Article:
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Recognise and Stop Chicken Feather Pecking

Stop chickens pecking each other

Feather pecking is where chickens peck each other’s feathers out. It is often explained as a ‘birds will be birds’ behaviour. But while feather pecking can be part of normal social interactions, severe feather pecking is not.

In most cases of severe feather pecking, one or two hens will start pecking the victim. But once feathers are damaged or skin is exposed, other members of the flock will join in. If the attack draws blood, it may lead to cannibalism and the death of the victim. So recognising a feather pecking problem and dealing with it is essential.

Recognising problematic feather pecking

Feather pecking isn’t always a problem. Gentle feather pecking during preening, where the “victim” doesn’t move away, is quite normal. If the pecking seems friendly, it probably is.

However, feather pecking should be stopped if:

  • Many feathers are plucked or damaged
  • Skin is red, raw, irritated or inflamed and isn’t given a chance to heal
  • Blood is drawn, or scabs formed
  • Feathers are not allowed to grow back
  • The victim tries to escape (unless they are cornered or submissive)
  • The pecking occurs mainly above the tail, around the vent, on the lower back or on the head
  • There is a main victim, usually a chicken at the bottom of the pecking order

Pecking order squabbles can look like feather pecking, but feather loss and injury are minimal (except for roosters). Pecking order fights are usually brief. Although occasional reshuffling will occur, a normal pecking order shouldn’t involve ongoing fighting or bullying.

Feather loss that isn’t feather pecking

It is important not to confuse feather pecking with:

Although these types of feather loss are not normally a concern, remember that chickens naturally peck at raw skin and damaged feathers, so exposed skin or injury can actually cause feather pecking and cannibalism.

Causes of feather pecking

Feather pecking is a major issue in commercial poultry operations, so there has been extensive research into the behaviour. Although there is no conclusive evidence about its cause, it is clear that some hens have a genetic predisposition to feather pecking and that once there is blood or exposed flesh, many hens will peck at the damage and participate in cannibalism.

One study likened feather pecking to a chicken version of Obsessive-Compulsive Disorder. The feather pecking is an instinctive behaviour and is not aggressive on the part of the perpetrator even though it injures the victim.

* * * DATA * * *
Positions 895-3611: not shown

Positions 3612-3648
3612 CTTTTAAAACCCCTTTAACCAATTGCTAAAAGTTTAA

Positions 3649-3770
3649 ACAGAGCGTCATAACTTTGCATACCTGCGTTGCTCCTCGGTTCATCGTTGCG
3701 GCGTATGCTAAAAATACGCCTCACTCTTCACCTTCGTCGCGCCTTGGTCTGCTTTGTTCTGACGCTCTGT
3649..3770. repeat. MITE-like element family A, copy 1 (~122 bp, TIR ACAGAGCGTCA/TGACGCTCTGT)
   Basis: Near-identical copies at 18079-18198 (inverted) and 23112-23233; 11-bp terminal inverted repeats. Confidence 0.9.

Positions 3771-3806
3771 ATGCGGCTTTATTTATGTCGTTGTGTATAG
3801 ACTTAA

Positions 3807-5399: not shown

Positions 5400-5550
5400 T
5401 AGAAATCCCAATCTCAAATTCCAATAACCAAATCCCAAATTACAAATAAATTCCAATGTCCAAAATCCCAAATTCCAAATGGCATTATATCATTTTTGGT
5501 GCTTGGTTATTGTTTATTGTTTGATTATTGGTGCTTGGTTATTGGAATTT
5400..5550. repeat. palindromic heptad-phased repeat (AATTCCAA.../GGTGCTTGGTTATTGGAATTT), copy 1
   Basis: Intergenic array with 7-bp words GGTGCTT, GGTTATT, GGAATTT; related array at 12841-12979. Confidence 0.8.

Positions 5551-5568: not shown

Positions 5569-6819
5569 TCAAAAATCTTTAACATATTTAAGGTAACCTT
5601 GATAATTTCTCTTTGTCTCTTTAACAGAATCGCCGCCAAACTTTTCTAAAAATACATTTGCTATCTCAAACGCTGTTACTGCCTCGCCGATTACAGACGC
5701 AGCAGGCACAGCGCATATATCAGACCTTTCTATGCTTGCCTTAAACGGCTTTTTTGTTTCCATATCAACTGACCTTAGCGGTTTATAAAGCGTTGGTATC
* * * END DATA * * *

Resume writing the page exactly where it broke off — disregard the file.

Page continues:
Most theories suggest that feather-pecking is misdirected pecking and foraging behaviour, which are key natural instincts. This explains why feather pecking is more common in stressed and under-stimulated hens.

Research suggests that feather pecking in genetically-inclined hens begins after an environmental trigger. Such triggers include:

  • Inability to forage
  • Confinement
  • Overcrowding
  • Excessive light
  • High temperatures
  • Poor diet
  • Salt deficiency
  • Amino acid deficiency
  • Protein deficiency
  • Boredom
  • Large flocks (30+)
  • Stress
  • Health issues such as parasites or disease
  • Change, including change to diet
  • Leaving birds with damaged feathers, exposed skin or other injuries in the flock

Preventing feather pecking

While feather pecking can occur in all flocks, there are two tricks that help stop chickens from feather pecking:

1. Provide a rich, spacious environment where birds can express their natural instincts and foraging behaviours in a non-destructive way
2. Remove injured chickens from the flock straight away

Feather pecking is less likely in very small flocks of 3-4 birds. It can also be deterred if your flock is very homogenous – so one age, one breed, one colour and one size. This means there is less likely to be a “weaker” bird to pick on.

Even in flocks that have never shown any signs of feather pecking, the sight of blood or raw skin really can lead to a frenzy. We’ve heard stories from various customers that have lost chickens who were turned upon by the flock after being injured by rough roosters or accidents. And one of our own pullets had to be “rescued” after a normal pecking order fight left her wounded and all the other chickens wouldn’t stop pecking her.

How to stop feather pecking

1. Remove the victim at once. Place her somewhere, ideally a hospital pen, that the flock can see her, but not peck her. This prevents them from forgetting her, so she doesn’t have to fight for her position in the pecking order when she is released.

2. Treat the victim’s wounds with Vetericyn or an antiseptic.

3. Watch the flock carefully to ensure that the feather pecking behaviour isn’t transferred to a different bird. If it is, remove the perpetrator/s.

4. Don’t let the victim back into the pen until her feathers have regrown. If the feather pecking resulted from rough roosters, consider getting a chicken saddle to cover the bird’s back, or getting a different rooster.

5. Make a sanctuary in the pen where victims can go to escape from feather pecking. Ensure they can’t be cornered. If smaller birds are usually targeted by bigger birds, consider making the sanctuary too small for the perpetrators.

6. On reintroducing the victim to the flock, watch carefully to ensure that the feather pecking does not start up again. If it does, you will need to either get rid of the victim or the main perpetrator/s.

Feather pecking may also be discouraged by using blinders or by using “anti-peck” spray or pine tar on the feathers of the victim. 

Feather pecking and what to do about it. See the signs

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